Mekong River Unexplained Fireballs of the Mekong River
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Naga Fireballs Festival
When: 5th October 2017
Where: Nong Khai Province. Northeast Thailand.
Mekong River. Each year around the end of Buddhist Lent, along a stretch of the Mekong River, close to a sand bar which looks vaguely similar to a scaly Naga, you can with luck and only after sunset witness the mysterious Naga Fireballs.
These glowing orbs naturally rise from the water and are said to be reddish in colour and to range in size from smaller sparkles up to the size of basketballs. These strange balls of light, reportedly quickly rise up from the river to a couple of hundred metres, hang there for a few seconds before mysteriously disappearing into the night’s sky. What is more surprising is that there is no sound, no smoke, and no fragments from the fireballs have ever been retrieved.
Naga fireballs (Thai: บั้งไฟพญานาค; rtgs: bang fai phaya nak), also known as Mekong lights, and “bung fai paya nak” by the locals. Thai folklore holds the Naga to be semi-divine, demi-creatures, looking like a Chinese Dragon, which possess supernatural powers as has been described in both Buddhist and Hindu cosmology.
Local Beliefs of Naga Fireballs
The number of fireballs reported over the many years varies between tens and thousands per night and have been explained as all many of conjecture; from plasma physics: A free-floating plasma orb to a result of flammable phosphine gas generated by the marshy environment, to Laotian soldiers firing tracer rounds into the air across the river.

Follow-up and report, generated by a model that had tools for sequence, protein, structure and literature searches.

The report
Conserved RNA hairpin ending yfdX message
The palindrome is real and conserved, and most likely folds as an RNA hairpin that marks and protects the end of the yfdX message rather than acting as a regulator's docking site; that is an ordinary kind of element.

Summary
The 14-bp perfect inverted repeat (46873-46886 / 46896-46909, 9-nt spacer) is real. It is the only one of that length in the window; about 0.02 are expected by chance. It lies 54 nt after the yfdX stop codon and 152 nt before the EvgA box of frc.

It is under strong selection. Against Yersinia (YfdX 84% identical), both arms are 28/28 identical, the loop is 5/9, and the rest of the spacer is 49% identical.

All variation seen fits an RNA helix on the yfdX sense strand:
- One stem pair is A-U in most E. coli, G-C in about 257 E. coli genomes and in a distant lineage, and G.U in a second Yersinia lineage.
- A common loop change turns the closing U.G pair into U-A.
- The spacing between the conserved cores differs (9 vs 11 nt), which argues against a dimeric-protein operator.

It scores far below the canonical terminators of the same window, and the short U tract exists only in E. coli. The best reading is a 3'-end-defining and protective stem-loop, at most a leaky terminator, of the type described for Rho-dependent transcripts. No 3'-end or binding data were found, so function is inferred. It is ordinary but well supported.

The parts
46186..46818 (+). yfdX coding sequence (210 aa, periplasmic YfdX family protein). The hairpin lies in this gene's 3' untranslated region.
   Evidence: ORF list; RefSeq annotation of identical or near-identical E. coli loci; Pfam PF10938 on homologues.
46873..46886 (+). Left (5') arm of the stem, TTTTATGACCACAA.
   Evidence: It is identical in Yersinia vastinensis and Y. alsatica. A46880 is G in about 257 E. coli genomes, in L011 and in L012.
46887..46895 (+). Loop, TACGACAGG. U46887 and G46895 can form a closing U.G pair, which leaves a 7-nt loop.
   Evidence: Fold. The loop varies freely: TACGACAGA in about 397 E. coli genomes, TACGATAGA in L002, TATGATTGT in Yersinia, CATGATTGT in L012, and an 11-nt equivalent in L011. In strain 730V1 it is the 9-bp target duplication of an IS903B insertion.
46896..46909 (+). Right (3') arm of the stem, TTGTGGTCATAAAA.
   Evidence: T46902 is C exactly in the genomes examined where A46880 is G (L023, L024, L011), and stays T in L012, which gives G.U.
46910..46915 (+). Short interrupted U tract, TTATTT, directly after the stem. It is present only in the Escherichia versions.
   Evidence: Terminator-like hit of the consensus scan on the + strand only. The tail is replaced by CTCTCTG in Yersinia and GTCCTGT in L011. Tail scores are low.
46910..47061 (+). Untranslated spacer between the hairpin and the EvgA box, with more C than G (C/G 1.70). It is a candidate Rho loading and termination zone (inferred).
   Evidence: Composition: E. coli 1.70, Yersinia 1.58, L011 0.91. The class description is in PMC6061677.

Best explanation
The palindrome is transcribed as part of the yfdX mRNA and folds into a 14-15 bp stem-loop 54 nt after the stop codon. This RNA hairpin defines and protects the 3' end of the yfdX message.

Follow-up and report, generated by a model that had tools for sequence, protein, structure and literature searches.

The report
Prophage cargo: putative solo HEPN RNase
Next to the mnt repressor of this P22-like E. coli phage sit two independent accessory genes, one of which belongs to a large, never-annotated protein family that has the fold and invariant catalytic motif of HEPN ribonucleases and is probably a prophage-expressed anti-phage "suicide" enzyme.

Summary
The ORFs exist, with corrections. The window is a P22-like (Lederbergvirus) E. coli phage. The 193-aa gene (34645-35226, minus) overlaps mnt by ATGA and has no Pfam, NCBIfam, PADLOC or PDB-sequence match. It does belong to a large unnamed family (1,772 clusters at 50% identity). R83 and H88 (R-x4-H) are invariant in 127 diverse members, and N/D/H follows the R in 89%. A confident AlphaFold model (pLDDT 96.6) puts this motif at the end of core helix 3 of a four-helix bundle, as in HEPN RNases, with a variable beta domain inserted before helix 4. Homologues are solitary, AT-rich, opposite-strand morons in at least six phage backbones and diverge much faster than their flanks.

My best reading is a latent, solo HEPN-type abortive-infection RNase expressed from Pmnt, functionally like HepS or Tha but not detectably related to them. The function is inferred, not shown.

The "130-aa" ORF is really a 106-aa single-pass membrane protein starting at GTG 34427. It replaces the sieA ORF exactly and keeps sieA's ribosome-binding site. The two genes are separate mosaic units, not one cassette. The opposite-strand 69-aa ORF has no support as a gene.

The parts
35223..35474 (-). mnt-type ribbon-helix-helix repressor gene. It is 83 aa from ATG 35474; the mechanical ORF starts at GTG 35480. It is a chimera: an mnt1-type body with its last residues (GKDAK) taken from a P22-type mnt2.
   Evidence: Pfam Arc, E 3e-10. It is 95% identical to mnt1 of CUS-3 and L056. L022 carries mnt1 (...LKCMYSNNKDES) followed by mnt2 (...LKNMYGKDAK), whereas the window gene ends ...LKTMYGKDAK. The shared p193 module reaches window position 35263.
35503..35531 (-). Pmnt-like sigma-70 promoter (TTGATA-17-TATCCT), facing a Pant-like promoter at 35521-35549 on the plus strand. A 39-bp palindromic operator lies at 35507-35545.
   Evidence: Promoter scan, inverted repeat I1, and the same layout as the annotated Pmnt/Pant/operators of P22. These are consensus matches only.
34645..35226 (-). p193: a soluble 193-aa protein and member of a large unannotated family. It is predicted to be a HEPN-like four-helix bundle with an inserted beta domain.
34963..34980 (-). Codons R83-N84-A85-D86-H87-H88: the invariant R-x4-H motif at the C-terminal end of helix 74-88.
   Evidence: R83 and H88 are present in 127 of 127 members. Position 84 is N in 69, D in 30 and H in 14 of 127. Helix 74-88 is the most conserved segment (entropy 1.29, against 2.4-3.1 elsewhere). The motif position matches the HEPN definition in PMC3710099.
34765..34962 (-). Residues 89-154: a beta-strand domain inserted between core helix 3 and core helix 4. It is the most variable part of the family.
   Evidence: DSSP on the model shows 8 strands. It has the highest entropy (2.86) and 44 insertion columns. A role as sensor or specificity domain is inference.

Whatever the real reason for this annual display, Thai people in the northeast, especially in the provinces of the Mekong river, have believed for generations that the River was the route of the Naga King “Pu Chao Sri Sutho”, who crawled around the mountains and who still resides deep beneath, the Mekong River in the underwater city of Muang Badan.
Legend of the Fireballs
Folklore tells of days past, when on the last day of the Buddhist Lent, villagers located near the river, would float their fire-boats as a mark of respect and tribute to the Lord Buddha. They did this by placing torches made from insect waste collected from nearby trees onto their 20 – 30 meters long bamboo boats to illuminate them. (See more on today’s Fire Boat Procession)
In order to make their boats look more spectacular, some villagers would fire small Bang Fai (rockets) and the circular Bang Fai known as Talai into the night’s sky. It was then in times almost forgotten that a curious incident occurred – Bang Fai were fired, as if from under the water and as if the Naga King wanted to join in the event. While this story has been handed down for centuries the phenomenon has occurred every year since.
Views from a Glass Walkway
For the best views of this strange event, get yourself along to the glass and metal walkway situated near the mountain top temple of Wat Pha Tak Suea (วัดผาตากเสื้อ) or Temple of the Beautiful Mountain View, in Sangkhom District. Nong Khai Province.
With its sixteen meters long, U-shaped sky walk jutting six metres out from the cliff, this new vantage point, which opened in 2016, gives those with the stomach for heights a clear view of the valley 550 metres below and has already been dubbed the most beautiful sightseeing spot in the province
The uninterrupted views provided by its glass walls and floor, gives those willing to put their lives in the hands of the gods, unparalleled views of the shear drop to the valley below, the nearby Mekong River and the neighbouring country of Lao.
For more on the sky walk see our post Glass Skywalks and Naga Fireballs
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